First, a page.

Clarke K C, Gaydos L J. Loose-coupling a cellular automaton model and GIS: Long-term urban growth prediction for San Francisco and Washington/Baltimore. Int J Geographical Inf Sci, 1998, 12: 699–714
26. 26.
Herold M, Couclelis H, Clarke K C. The role of spatial metrics in the analysis and modeling of urban land use change. Comput Environ Urban Syst, 2005, 29: 369–399
27. 27.
Mas J F, Kolb M, Paegelow M, et al. Inductive pattern-based land use/ cover change models: A comparison of four software packages. Environ Model Software, 2014, 51: 94–111
28. 28.
Kolb M, Mas J F, Galicia L. Evaluating drivers of land-use change and transition potential models in a complex landscape in Southern Mexico. Int J Geographical Inf Sci, 2013, 27: 1804–1827
29. 29.
Tepe E, Guldmann J M. Spatial and temporal modeling of parcel-level land dynamics. Comput Environ Urban Syst, 2017, 64: 204–214
30. 30.
Long Y, Shen Y, Jin X. Mapping Block-Level urban areas for all Chinese cities. Ann Am Association Geographers, 2016, 106: 96–113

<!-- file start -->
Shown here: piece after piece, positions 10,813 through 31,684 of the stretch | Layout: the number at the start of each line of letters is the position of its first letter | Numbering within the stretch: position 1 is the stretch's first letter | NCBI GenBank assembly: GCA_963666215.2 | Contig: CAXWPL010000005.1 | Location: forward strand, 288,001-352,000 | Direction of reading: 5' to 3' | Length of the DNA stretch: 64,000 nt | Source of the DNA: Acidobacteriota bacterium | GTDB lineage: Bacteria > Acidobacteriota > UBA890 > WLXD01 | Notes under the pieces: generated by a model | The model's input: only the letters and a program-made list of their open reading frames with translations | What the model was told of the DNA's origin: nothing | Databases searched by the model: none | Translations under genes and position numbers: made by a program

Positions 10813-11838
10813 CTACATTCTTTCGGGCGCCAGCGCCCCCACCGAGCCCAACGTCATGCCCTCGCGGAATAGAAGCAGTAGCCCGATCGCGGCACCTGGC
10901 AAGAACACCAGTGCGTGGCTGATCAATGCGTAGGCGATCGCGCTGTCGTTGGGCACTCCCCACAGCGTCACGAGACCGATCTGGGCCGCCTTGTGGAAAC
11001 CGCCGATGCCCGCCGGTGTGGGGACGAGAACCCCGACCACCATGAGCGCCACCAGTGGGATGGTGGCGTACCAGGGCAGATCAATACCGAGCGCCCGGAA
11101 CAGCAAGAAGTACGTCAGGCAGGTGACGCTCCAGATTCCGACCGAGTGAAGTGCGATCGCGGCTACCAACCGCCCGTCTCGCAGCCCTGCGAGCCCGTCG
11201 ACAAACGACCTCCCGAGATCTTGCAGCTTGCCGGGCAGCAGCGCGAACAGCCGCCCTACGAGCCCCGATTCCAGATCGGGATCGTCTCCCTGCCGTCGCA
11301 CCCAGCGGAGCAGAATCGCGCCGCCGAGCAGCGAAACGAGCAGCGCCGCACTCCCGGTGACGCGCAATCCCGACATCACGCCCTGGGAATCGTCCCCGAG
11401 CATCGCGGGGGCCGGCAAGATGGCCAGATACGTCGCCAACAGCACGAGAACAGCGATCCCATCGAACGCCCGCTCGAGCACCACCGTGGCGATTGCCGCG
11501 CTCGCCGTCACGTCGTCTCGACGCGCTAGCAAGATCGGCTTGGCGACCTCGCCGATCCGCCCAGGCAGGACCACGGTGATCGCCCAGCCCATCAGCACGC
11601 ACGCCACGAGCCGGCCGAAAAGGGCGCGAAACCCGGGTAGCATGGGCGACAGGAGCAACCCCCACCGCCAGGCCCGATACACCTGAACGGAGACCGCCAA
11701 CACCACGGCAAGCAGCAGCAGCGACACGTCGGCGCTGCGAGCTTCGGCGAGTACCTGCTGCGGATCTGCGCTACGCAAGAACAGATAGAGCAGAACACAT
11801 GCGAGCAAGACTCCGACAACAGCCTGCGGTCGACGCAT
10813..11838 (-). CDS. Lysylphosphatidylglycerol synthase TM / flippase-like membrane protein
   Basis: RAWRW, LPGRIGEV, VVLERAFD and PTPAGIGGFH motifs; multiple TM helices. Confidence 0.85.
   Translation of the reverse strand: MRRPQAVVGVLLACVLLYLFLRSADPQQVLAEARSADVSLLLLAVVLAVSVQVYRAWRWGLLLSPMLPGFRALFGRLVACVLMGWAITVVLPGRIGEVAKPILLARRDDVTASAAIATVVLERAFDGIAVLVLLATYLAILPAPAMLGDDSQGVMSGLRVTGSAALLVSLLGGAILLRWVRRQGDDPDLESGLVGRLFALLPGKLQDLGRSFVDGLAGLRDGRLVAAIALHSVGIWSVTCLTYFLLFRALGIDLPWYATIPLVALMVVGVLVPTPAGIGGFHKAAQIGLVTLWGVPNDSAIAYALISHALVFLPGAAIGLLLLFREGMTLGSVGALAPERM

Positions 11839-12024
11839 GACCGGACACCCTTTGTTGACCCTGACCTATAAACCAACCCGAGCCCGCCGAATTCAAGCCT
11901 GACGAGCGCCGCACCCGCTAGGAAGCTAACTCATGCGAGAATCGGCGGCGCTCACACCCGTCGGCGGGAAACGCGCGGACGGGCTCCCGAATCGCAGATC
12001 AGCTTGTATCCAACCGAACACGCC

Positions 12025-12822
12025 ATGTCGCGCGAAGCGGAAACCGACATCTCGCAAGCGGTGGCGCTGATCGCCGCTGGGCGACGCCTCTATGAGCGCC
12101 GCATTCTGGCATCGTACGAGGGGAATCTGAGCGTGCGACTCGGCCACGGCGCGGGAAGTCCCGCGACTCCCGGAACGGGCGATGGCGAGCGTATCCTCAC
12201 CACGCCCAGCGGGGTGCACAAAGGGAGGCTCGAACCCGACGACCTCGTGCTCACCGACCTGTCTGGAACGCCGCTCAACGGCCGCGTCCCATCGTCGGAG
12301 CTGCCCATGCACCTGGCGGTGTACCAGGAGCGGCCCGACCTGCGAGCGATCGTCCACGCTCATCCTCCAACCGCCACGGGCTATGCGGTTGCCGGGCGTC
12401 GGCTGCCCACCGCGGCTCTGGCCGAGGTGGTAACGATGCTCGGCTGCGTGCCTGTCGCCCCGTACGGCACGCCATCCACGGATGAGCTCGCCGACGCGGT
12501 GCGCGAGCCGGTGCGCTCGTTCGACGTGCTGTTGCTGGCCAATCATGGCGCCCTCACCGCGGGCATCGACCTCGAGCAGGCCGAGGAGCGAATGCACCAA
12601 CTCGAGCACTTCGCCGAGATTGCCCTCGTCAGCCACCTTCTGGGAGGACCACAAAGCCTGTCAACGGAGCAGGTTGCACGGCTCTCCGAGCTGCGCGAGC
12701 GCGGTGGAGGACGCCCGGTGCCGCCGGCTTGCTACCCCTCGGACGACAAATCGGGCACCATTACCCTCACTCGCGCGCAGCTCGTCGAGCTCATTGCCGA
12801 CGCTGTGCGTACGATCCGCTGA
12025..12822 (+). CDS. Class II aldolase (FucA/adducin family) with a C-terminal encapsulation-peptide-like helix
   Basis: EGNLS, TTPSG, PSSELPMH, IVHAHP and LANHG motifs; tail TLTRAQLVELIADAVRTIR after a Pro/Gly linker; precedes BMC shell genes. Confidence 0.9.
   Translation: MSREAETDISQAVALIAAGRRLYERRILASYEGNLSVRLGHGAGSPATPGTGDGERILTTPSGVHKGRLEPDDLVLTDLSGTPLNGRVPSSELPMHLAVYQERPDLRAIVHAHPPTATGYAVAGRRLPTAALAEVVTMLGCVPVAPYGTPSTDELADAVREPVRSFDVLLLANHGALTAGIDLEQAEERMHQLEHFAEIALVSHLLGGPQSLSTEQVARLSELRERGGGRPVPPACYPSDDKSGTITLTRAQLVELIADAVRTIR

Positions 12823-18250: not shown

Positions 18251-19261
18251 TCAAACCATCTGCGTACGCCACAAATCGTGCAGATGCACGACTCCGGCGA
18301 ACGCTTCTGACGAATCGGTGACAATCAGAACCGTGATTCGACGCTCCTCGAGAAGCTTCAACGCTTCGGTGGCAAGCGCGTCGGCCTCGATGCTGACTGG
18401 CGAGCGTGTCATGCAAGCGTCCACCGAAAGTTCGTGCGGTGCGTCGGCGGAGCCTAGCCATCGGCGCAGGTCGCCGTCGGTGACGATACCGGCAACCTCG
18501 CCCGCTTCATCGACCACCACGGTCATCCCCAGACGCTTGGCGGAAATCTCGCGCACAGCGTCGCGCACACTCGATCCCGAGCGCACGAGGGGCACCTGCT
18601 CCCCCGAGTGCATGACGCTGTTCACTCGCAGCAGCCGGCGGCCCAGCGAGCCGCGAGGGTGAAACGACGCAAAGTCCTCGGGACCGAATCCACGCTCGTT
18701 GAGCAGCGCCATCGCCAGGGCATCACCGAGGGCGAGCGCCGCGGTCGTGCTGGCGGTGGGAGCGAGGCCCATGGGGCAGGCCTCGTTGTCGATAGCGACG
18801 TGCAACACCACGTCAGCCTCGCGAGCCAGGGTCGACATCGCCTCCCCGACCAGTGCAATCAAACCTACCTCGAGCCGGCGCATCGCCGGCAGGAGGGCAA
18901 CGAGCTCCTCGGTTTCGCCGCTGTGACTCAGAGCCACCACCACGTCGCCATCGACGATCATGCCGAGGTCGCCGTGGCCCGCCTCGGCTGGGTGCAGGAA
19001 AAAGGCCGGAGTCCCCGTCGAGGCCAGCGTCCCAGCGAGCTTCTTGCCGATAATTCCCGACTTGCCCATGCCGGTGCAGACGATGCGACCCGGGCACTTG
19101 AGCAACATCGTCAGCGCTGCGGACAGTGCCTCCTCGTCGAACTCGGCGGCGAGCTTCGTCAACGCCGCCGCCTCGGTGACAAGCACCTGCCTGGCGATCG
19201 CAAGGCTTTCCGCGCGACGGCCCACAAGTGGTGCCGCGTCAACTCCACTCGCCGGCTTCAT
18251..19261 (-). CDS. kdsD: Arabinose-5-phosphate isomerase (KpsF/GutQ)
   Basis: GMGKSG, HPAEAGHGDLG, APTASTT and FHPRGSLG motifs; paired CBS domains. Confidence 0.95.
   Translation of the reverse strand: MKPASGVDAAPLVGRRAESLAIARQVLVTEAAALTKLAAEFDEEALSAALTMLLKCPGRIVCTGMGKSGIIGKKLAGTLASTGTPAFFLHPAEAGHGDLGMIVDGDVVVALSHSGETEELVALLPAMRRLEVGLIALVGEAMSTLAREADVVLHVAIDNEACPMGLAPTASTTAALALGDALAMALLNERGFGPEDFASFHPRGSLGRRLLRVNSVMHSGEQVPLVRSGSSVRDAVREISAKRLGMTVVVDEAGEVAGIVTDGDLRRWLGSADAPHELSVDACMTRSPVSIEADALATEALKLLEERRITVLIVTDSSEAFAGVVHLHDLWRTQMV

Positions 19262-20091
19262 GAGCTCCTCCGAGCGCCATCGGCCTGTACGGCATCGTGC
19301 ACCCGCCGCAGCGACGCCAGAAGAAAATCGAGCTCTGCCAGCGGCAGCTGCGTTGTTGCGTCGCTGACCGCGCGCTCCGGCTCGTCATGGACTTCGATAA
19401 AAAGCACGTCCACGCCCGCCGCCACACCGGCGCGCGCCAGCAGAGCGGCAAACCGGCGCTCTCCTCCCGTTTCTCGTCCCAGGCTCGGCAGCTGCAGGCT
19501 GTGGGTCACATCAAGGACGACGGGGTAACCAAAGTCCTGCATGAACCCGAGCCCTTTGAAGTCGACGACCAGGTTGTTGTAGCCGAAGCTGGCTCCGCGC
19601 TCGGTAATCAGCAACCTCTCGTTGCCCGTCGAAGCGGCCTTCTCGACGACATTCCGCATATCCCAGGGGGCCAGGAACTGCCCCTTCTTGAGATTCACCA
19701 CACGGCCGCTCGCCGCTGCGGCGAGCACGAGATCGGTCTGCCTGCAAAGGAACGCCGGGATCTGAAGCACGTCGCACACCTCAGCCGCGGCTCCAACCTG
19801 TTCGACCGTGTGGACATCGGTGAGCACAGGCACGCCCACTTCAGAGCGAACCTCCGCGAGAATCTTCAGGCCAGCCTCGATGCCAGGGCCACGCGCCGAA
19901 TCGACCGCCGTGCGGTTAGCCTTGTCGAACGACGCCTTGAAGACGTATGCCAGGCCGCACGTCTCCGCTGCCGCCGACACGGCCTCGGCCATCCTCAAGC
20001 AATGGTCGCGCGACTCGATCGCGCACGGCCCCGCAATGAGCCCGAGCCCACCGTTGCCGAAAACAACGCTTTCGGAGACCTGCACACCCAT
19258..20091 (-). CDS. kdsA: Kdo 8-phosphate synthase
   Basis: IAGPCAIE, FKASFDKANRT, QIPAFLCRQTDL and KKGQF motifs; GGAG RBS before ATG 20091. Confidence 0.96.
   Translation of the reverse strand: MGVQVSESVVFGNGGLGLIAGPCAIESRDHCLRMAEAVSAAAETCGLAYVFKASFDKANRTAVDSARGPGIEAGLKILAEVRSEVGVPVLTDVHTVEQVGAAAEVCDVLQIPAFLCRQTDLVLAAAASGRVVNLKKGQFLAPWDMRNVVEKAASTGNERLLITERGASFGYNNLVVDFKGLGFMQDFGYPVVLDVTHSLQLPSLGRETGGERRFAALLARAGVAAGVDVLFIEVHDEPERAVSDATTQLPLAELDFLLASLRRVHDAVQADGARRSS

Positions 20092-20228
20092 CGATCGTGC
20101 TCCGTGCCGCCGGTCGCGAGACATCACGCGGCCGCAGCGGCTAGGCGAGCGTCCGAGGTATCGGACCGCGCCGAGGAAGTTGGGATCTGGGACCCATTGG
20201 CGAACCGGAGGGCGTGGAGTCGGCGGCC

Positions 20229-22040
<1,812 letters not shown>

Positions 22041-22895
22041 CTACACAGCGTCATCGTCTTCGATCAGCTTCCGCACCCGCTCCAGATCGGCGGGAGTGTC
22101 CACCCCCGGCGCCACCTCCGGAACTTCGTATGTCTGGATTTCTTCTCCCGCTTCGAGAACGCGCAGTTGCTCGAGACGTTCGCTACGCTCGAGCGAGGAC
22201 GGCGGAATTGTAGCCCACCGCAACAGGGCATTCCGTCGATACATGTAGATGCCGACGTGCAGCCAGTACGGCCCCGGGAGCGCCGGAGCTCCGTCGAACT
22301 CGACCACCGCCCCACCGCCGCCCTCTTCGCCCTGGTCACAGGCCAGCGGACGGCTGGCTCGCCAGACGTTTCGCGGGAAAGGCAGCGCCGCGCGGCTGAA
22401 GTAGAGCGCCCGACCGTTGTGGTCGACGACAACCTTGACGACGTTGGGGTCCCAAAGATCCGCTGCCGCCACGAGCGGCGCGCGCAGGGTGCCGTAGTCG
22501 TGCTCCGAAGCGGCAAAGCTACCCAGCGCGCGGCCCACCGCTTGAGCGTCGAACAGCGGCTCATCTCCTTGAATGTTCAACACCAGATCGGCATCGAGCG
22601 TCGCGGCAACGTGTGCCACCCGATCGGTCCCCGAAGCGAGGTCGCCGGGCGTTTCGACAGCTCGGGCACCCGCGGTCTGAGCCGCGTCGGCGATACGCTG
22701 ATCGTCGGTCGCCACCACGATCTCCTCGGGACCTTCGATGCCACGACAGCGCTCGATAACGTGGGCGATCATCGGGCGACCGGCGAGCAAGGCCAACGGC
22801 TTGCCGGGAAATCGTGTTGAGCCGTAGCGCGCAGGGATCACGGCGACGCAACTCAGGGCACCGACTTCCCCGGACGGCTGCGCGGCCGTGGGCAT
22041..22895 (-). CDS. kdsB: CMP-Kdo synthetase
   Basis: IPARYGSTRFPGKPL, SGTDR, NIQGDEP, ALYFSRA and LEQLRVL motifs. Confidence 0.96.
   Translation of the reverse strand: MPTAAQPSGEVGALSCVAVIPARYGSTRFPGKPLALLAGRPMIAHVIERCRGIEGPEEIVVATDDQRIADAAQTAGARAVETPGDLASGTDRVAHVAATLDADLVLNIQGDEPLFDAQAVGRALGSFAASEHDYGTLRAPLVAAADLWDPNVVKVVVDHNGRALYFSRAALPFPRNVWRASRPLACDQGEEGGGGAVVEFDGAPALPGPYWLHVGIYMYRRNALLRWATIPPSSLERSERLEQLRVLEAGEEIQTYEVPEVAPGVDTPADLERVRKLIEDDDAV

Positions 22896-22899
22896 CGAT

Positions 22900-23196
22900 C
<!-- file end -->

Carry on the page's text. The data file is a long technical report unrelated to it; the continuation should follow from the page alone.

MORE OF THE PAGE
31. 31.
Waddell P, Wang L, Charlton B, et al. Microsimulating parcel-level land use and activity-based travel: Development of a prototype application in San Francisco. JTLU, 2010, 3: 65–84
32. 32.
Evans T P, Moran E F. Spatial integration of social and biophysical factors related to landcover change. Populat Develop Rev, 2002, 28: 165–186
33. 33.
Mitchell Hess P, Vernez Moudon A, Logsdon M G. Measuring land use patterns for transportation research. Transpation Res Record, 2001, 1780: 17–24
34. 34.
Zhang Y, Li X, Song W. Determinants of cropland abandonment at the parcel, household and village levels in mountain areas of China: A multi-level analysis. Land Use Policy, 2014, 41: 186–192
35. 35.
Evans T P, Manire A, de Castro F, et al. A dynamic model of household decision-making and parcel level landcover change in the eastern Amazon. Ecol Model, 2001, 143: 95–113
36. 36.